Vogue 8896

Note:  I began this post in July.  I cannot believe that an entire year has gone by already.

It’s been a crazy last few months, and although I have completed a couple of commissions, whipped up some new pairs of  slim Burda 01/2016 #135 pants, altered and mended clothing and made a winter coat, it’s only this weekend that I have finally managed to get some pictures of a recent make!  Woo hoo!  This coming Tuesday is DH’s birthday, and it’s also July, which means Summerlicious in TO.

Birthday + Summerlicious = reason for a new dress.V8896 The fabric is a rayon-lycra knit from my local Fabricland, purchased last summer (or the summer before…..???) because it was a) on sale; and b) looked so cheery.  Actually, it probably reminded me of some project I’d seen in Burda Magazine that I really liked, so I purchased it.  Unfortunately for me, I never make a note of pattern + fabric combinations that randomly pop into mind, especially at that critical moment when they are actually in mind, so I cannot remember what made me think this would be a great maxi dress. In the interest of time (no time to trace a pattern!), I opened my binder of Vogue dress pattern envelopes, pulled out Vogue 8896, measured the flat pattern, laid out the fabric, and cut.. I made some changes to the shoulders – adding width in the back to match the front shoulders so I could sew channels and run ties to create the gathers instead of just gathering the front into the width of the back shoulders. V8896 shouldersI used my favourite neckline edging (a long strip of fabric, cut across the grain, 5cm wide and a few cms shorter than the actual to-be-finished armscye or neck opening) and finished the armscyes using the same technique before stitching the shoulder seams so it would be a neat finish for the ties.V8896 waist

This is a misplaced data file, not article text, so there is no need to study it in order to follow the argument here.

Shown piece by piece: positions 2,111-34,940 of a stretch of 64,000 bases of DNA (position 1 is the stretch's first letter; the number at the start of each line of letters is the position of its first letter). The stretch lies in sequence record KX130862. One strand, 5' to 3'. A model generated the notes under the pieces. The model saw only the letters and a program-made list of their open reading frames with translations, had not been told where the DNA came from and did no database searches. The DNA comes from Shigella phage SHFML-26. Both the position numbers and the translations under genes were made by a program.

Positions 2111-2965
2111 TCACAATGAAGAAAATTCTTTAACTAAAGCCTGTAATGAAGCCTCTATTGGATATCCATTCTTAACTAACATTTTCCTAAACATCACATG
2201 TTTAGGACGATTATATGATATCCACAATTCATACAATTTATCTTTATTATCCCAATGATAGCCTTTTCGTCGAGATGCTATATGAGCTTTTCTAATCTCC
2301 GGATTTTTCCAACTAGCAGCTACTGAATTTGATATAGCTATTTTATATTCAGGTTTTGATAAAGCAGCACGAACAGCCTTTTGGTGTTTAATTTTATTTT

The skirt was quite heavy, and in the interest of keeping it in place at my waistline without having to constantly adjust it, I stitched the seam 2cm wide instead of 1.5cm and ran 1.5cm wide elastic through then entire length, from left front to right front ties.

And then wore it out to dinner!

Vogue 8896 frontI do have more projects to show you.  I have been under a self-imposed deadline to get some things done, photographed and blogged before December 24, when my sewing area will be co-opted into Christmas Dinner With The Family space.

Updated December 30th: And here we are…. at the end of the year… The good news: I took photos of my one finished coat project for 2018. Fingers crossed for posting!

Advertisements

2017, 2018 and other tidbits

2017 makes 2
Vogue 1491, DD3’s middle school frankpattern formal, Burda 04/2010 #112

I’ve been enjoying all the year-end reviews that have popped up in my reader over the last 6 weeks or so.  It’s crazy how 6 weeks seems like it’s a lifetime ago, and obsolete.  One reason I really hate social media these days.